How to Prepare for WPPI – Q&A

So, who better to give advice to Erin and other photographers who are wanting to know how to get the most out of the best show in the industry?

The interview below is the product of Erin’s questions and Skip’s answers and advice. This is the first of a series between Skip’s blog and ours featuring Skip and Erin as they go through the WPPI process together.

Don’t forget to comment below with any questions or advice. Enjoy! We look forward to seeing you at WPPI.

Erin Saldana: What sort of atmosphere, characteristics (and really anything else) can I expect from an experience at WPPI this year?

Skip Cohen: Year after year WPPI is about energy and that’s probably what will hit you first. It sounds almost hokey, but it’s like the biggest family reunion you’ve ever been to…on steroids.  Even last year, in one of the worst economies in history, people were simply …

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Photoshop Tutorial – Part 1 – Levels

Hey Pictagers!  My name is Tim Edwards and I’m the Pre QA Supervisor here at Pictage which is just a fancy name for Retouching Supervisor.  As part of our new revamped blog, I’ll be taking you through some lessons on the basics of Photoshop.

For many of you with Photoshop experience, some of these lessons will be nothing new.  But for those of you who aren’t Photoshop wizards yet, I’ll be guiding you through some tips and tricks to help you get the most from your photography.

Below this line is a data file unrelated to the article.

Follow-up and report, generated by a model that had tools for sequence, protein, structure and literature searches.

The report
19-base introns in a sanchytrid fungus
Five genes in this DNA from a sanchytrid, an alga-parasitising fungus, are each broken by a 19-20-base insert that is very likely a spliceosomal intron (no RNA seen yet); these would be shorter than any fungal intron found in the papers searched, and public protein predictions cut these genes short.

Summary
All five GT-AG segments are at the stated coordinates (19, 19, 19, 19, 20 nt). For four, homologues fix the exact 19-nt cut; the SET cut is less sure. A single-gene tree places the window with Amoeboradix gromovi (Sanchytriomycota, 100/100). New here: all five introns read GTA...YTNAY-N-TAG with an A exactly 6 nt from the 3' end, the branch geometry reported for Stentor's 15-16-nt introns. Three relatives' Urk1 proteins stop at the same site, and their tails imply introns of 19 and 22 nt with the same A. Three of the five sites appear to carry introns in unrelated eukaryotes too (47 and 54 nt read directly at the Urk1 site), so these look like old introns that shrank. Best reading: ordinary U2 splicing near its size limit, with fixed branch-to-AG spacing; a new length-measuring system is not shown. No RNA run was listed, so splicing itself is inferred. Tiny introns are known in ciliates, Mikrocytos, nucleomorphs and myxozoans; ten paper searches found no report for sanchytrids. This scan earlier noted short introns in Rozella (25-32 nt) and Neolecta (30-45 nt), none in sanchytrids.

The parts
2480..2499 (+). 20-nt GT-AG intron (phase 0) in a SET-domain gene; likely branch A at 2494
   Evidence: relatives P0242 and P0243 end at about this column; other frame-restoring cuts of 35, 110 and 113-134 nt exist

This week let’s talk about LEVELS.

Levels adjustment is the foundation of all image enhancements.  It can’t make your bad images great (ie: blown out or badly underexposed shots)  but it can definitely make your good images better.  Let’s start with this shot I took on my last trip to Chicago.  It’s not the most scenic shot in the world, but it is a good example …

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Pictage Podcast with Tasra Dawson

This weeks podcast features Tasra Dawson as she talks about how her life has changed in the last year with the start of her new company, Teen Identity and the development of 

Tasra also talks about how she has been challenged and inspired to create a movement, tasra365.  Tasra and Sara also discuss how to prepare for WPPI and what can help make it successful and manageable.  Get all of this great insight as well as hear about all the inspiration that is spreading though the industry on this weeks podcast.